Balancing the energy in your body and living space
In its highest and purest form, good feng shui signifies perfect alignment between inner and outer worlds.
In ancient times, it was important for humans to live in harmony with nature, or they didn’t survive. Today, there is a sense of disconnection between us and our natural surroundings. This division tends to foster a resistant and stagnant energy in both our bodies and our living spaces.
Feng shui, meaning “wind and water” in Chinese, is the ancient art and science of harmonizing our inner chi – the universal life-force energy – by balancing the energy in our living spaces. The concept of feng shui can be compared to acupuncture; as needles help balance the flow of energy in the body, so can furniture, objects and colors enhance and balance the energy of a room.
This beautiful, ancient practice helps us create a living space that supports us energetically, rather than one that works against us. In other words, it helps us take the path of least energetic resistance – similar to a surfer who moves with the ocean waves rather than against them. When we connect with nature, we tap into a powerful flow of energy.
The complementary energies of yin and yang are a fundamental concept of feng shui. Yin and yang represent the ever-present polarity in our world: the feminine and masculine, cold and heat, dark and light, earth and sky, winter and summer.
In feng shui, summer is associated with the element of fire, a powerful form of yang energy. Fire brings warmth, self-confidence, creativity and drive. During summer, we want to get out and get busy. If there is an overabundance of fire energy, however, we can feel drained, limp, irritable or aggressive.
In feng shui, summer is connected to the “fame and reputation” aspect of our lives. This would involve gaining positive recognition, respect and admiration from our coworkers, family and friends. According to the bagua – a feng shui map for your home – the fame and reputation sector is located in the back middle section of your home or office, and is aptly represented by the fire element.
Here are tips to enhance this potent fire energy in this section of your home:
- Decorate this area with candles and warm-colored (red, orange) objects.
- Accent with the wood element; wood it is able to fuel fire. Bring in plants, decorations made of wood or a photo of a forest.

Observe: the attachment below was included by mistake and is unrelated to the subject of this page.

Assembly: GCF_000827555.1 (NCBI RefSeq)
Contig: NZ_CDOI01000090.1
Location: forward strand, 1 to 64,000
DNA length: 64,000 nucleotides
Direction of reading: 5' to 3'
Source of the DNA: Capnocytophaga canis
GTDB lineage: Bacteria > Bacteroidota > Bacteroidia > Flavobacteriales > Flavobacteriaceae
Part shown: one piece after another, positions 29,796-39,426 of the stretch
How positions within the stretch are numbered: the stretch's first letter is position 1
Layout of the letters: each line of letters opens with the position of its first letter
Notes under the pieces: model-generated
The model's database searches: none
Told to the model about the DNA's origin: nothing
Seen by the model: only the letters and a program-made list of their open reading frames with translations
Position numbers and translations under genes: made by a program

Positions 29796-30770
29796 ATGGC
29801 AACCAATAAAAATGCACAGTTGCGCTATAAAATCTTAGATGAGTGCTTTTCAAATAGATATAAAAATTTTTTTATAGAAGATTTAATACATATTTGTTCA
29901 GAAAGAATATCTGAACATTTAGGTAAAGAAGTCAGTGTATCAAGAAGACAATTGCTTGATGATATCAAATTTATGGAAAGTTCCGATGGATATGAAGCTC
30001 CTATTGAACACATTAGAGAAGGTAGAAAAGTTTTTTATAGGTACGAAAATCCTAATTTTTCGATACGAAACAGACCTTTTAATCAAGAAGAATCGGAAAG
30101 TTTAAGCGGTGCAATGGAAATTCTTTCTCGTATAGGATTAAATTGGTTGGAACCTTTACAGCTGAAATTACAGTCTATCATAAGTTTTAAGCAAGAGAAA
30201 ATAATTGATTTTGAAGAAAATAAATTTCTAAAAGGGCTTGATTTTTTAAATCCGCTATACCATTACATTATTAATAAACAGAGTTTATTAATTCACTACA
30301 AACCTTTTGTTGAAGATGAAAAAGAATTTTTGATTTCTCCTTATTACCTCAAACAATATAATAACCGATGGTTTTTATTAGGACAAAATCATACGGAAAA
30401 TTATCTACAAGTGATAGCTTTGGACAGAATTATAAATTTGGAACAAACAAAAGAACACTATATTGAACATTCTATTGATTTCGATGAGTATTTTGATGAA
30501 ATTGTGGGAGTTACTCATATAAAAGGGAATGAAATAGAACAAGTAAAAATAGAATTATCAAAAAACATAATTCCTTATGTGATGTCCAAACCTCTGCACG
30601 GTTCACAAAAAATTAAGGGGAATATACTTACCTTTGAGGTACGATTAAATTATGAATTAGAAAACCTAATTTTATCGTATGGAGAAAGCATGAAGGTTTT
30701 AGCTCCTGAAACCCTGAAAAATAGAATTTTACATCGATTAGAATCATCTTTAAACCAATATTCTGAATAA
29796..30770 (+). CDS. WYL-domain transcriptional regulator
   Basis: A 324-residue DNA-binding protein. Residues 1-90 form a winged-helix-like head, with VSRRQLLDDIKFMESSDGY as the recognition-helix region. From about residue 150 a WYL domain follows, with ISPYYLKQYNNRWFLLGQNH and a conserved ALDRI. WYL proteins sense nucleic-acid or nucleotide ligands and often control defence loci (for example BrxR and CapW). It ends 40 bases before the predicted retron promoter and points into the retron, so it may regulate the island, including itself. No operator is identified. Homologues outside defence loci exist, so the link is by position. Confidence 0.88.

- Place a few pointy objects, such as bamboo or a cactus, in this area of your home to add even more yang to the fire.
- Place any awards or trophies you’ve received in this area.
- Hang or place red garnet crystals in this area to activate passion and creative energy.
- Most importantly, make sure you declutter this area of your home completely to allow the chi to flow smoothly.
Creating opposition and polarity is also important for keeping the elements in balance. For example, when would you most love to see a cup of hot chocolate or a warm fireplace? Probably in the cold of winter. When do you most want to lay your eyes on a cold blue pool? Most likely, in the heat of the summer.
If the fire element of summer becomes too much and you are feeling drained and irritable, you can balance out the fire element in your home by doing the following:
- Change your bedsheets or tablecloth to a cooler color, such as a light purple or blue.
- Place a mini water fountain in the front of your home; this is the career section in the bagua, represented by water. If you place the fountain outside your home, make sure the flow is moving toward your door, to represent abundance moving toward you, not away.
- Soften your home with green potted plants. During the summer, we often keep the windows closed and the air conditioner running. Living plants help remove toxins from the stuffy indoor air and help balance the summer heat with a cool, earthy energy.
- Decorate your home with cooling crystals. Purple amethyst is wonderful for cooling and calming intense emotions and clearing away any negative and stale energy.
Most of all, have fun with feng shui. This beautiful, ancient practice has so many facets that it takes awhile to absorb all of the fascinating concepts. As you learn, simply make a few changes at a time until your home becomes the perfect living space for you.
“Feng Shui for Summer” by Traci Pedersen was originally published on Spirituality & Health.